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From The Age mid season report card: http://m.theage.com.au/afl/afl-news/afl-season-2016-melbourne-midseason-report-20160619-gpmull.html What coach Paul Roos says: "We're trying to set our team up to when we eventually play finals that the game style that we put in place is going to be successful in that environment. That's the focus because we're seeing some teams, without mentioning them, they set up a game style that probably gets you to between eighth to 10th but struggle to get above eighth or seventh, so we don't want to do that." I think this statement puts into context sooner of the dejection and game style issues we've been discussing. It isn't about winning games, it is about developing a winning game style and winning culture. We are still in a development phase and we aren't cutting that development short for the sake of winning an extra 2 games this year, when it really doesn't count. I'll back the football club on this one. We've spent money to put a plan and program in place, and I prefer that we see it out rather than crumble to pressure for short term game.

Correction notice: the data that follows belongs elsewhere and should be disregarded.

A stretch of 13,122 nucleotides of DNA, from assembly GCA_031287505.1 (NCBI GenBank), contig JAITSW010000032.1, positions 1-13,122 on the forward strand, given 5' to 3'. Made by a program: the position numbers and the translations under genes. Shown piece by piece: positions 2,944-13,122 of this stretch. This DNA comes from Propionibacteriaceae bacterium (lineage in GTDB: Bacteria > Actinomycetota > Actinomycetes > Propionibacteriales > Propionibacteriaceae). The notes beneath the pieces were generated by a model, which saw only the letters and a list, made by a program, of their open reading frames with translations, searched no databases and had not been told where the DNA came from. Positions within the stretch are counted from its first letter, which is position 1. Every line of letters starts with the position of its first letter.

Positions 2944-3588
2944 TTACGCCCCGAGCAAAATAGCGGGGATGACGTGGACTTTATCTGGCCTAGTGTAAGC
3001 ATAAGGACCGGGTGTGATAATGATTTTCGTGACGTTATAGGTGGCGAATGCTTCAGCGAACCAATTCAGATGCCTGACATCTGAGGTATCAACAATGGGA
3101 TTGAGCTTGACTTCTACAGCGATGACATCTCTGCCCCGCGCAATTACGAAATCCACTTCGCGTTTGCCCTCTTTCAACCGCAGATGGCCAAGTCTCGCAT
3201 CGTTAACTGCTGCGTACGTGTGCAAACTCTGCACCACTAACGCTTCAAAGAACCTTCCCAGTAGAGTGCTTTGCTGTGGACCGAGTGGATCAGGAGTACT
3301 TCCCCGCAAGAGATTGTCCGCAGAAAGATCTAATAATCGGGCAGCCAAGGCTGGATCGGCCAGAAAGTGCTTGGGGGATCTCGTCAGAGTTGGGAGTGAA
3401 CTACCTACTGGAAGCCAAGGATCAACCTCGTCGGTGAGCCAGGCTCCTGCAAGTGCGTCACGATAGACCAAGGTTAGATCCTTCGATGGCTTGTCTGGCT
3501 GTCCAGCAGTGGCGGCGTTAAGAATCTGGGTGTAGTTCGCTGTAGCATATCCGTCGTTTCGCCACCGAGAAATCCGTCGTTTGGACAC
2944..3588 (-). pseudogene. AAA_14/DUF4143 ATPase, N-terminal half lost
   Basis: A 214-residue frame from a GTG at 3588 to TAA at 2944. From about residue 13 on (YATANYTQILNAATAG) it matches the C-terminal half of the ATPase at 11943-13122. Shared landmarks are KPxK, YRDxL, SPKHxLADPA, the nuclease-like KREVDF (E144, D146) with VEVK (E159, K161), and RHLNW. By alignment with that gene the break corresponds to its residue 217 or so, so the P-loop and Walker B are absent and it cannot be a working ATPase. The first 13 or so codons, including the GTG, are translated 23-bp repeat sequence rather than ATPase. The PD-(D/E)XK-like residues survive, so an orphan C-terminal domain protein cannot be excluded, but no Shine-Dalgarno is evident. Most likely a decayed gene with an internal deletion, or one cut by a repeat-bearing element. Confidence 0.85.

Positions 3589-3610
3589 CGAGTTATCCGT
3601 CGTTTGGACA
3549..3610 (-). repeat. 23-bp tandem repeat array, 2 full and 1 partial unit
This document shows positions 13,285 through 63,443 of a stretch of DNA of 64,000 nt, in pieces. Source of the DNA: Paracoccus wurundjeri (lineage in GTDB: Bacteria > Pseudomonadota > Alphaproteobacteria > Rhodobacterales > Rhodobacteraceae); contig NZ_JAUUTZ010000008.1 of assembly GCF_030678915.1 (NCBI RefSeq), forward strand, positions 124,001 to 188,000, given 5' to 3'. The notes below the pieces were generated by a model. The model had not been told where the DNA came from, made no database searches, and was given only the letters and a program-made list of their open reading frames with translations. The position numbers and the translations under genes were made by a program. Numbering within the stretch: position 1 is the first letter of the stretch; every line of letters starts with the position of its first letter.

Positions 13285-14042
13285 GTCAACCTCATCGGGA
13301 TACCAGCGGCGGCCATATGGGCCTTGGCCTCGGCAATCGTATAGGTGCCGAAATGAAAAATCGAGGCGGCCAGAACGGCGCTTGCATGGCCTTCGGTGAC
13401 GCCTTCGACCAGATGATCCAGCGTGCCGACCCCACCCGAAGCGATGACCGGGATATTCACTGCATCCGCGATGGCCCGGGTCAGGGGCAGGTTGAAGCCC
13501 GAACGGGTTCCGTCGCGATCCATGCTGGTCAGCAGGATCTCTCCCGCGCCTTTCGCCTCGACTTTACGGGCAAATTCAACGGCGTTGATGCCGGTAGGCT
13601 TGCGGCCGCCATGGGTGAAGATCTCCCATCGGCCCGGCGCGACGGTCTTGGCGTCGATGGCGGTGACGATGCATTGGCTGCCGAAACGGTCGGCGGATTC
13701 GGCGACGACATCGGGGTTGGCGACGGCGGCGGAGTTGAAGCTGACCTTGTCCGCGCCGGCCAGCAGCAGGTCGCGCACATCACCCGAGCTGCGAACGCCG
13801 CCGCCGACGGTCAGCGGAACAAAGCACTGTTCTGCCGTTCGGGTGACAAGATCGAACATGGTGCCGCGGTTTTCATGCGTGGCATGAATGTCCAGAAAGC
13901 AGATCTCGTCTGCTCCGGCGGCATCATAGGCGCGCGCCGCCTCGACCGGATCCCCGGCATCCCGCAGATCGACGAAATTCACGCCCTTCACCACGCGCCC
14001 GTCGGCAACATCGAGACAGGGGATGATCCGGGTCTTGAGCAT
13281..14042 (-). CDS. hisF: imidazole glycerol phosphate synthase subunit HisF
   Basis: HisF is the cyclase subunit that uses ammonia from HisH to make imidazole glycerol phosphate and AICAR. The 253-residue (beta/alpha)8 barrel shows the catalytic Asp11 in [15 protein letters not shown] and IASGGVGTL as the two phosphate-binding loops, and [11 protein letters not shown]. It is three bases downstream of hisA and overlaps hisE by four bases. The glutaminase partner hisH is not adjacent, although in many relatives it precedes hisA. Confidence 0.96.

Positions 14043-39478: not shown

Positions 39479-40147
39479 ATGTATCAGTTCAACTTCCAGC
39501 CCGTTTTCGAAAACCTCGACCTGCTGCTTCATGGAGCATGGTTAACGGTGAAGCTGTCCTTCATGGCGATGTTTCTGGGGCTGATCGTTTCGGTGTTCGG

I like Peter Ryan. He's a solid contributor. What are people's thoughts on the correlation between these stats and success? He mounts a good argument. There's no doubt that players gain confidence when they're continually selected to play at the highest level. As long as the feedback they are receiving each week is constructive, IMO it's only a matter of time before they respond. And that's usually a short amount of time. Exhibit A - Rohan Bail. http://www.afl.com.au/news/2014-05-29/stability-breeds-success AFTER Melbourne lost to the Sydney Swans in round six, the heat was again being applied to Jack Watts after a performance where his efforts had been sub-standard and he'd been caught ball-watching. Although Watts had been a contributor in the early weeks of the season, form appeared to have deserted him. At Monday's media conference that week, Paul Roos was asked whether Watts might need to return to the VFL. The coach immediately knocked the prospect on the head. "I would think he would be playing this week. I'd be surprised if he wasn't," Roos said. Roos then made no change to the team that had lost to the Swans for the game against the Crows in Adelaide, the second time he’d picked an unchanged line-up. To the surprise of most, the settled Demons pulled off an upset win over the Crows after establishing a winning lead in a stunning first half. That Roos chose to back Watts rather than demoting him after an ordinary game comes as little surprise. Famously, while coaching the Sydney Swans, he made just one change after round 19 (Paul Bevan in for Luke Vogels) as the team made its way to the 2005 Grand Final, the settled line-up doing enough to win the club's first premiership for 71 years. He appears to be applying the same philosophy at Melbourne in his first year in the top job. Statistics from Champion Data reveal Melbourne averaged just 1.63 changes per week during the first eight rounds of 2014, making it the most settled team (alongside Gold Coast and the Sydney Swans) over that period. The only other teams to average fewer than two changes per week in that time were Port Adelaide and Geelong. Apart from Melbourne, those four teams currently make up the top five spots on the ladder with the other, Hawthorn – a club cruelled by injury – averaging 2.63 changes a week. Fourteen Melbourne players have played every game this season; only Gold Coast (15) have more. The numbers show Melbourne to be the biggest outliers on a table that generally reflects ladder position. Gold Coast's progress can be tracked through the declining number of changes it has made each week since 2011. The Suns have gone from 4.10 (2011), 3.43 (2012), 2.90 (2013) to 1.63 in the first eight rounds this season. Roos understands some players aren't developed enough to play well every week, but lessons can be learned. He also demands that players be picked only if they display consistent good form at a lower level. Expectations have stayed high behind closed doors, while much of the discussions about standards expected of players have been private, not public. And the Demons' players have responded. "There are a lot of different issues that go into [selection]," Roos said. "Obviously every team wants their best team on the field. Probably part of what we're trying to do is work out what our best team is. "The players have, for the majority of the time, done what we have asked the [players] to do and we have continued to improve. "Medically the team has been really good … the big part of football now is getting your best team on the ground." The Demons have still used 33 players, but the improvement is obvious when a comparison is made between the team that played in round one and the one that beat Richmond in round nine. Melbourne's team for the win over the Tigers included Jack Viney, Colin Garland, Mark Jamar, Chris Dawes, Max Gawn, Christian Salem and Aidan Riley for Shannon Byrnes, Jack Fitzpatrick, Alex Georgiou, Viv Michie, Jake Spencer, James Frawley and Jack Trengove. Trengove and Frawley would be the only automatic inclusions of those outs, while those included have either proved themselves at AFL level or are highly-rated youngsters. Of course there is more than one way to skin a cat, as Geelong showed in 2011 when it rested players and tried youngsters to average the second-most changes in the competition (3.67 per week) but still won the flag. But for a club that experienced so much upheaval in recent seasons, Melbourne is benefitting from the opportunity to go into battle each week with a familiar line-up. Average changes by club, rounds 1-8, 2014 Melbourne 1.63Gold Coast 1.63Sydney Swans 1.63Port Adelaide 1.75Geelong 1.88Collingwood 2.00North Melbourne 2.00Adelaide 2.13Fremantle 2.38Essendon 2.50Richmond 2.50Hawthorn 2.63St Kilda 2.63WCE 3.00Western Bulldogs 3.13Brisbane Lions 3.25Carlton 3.38GWS 3.50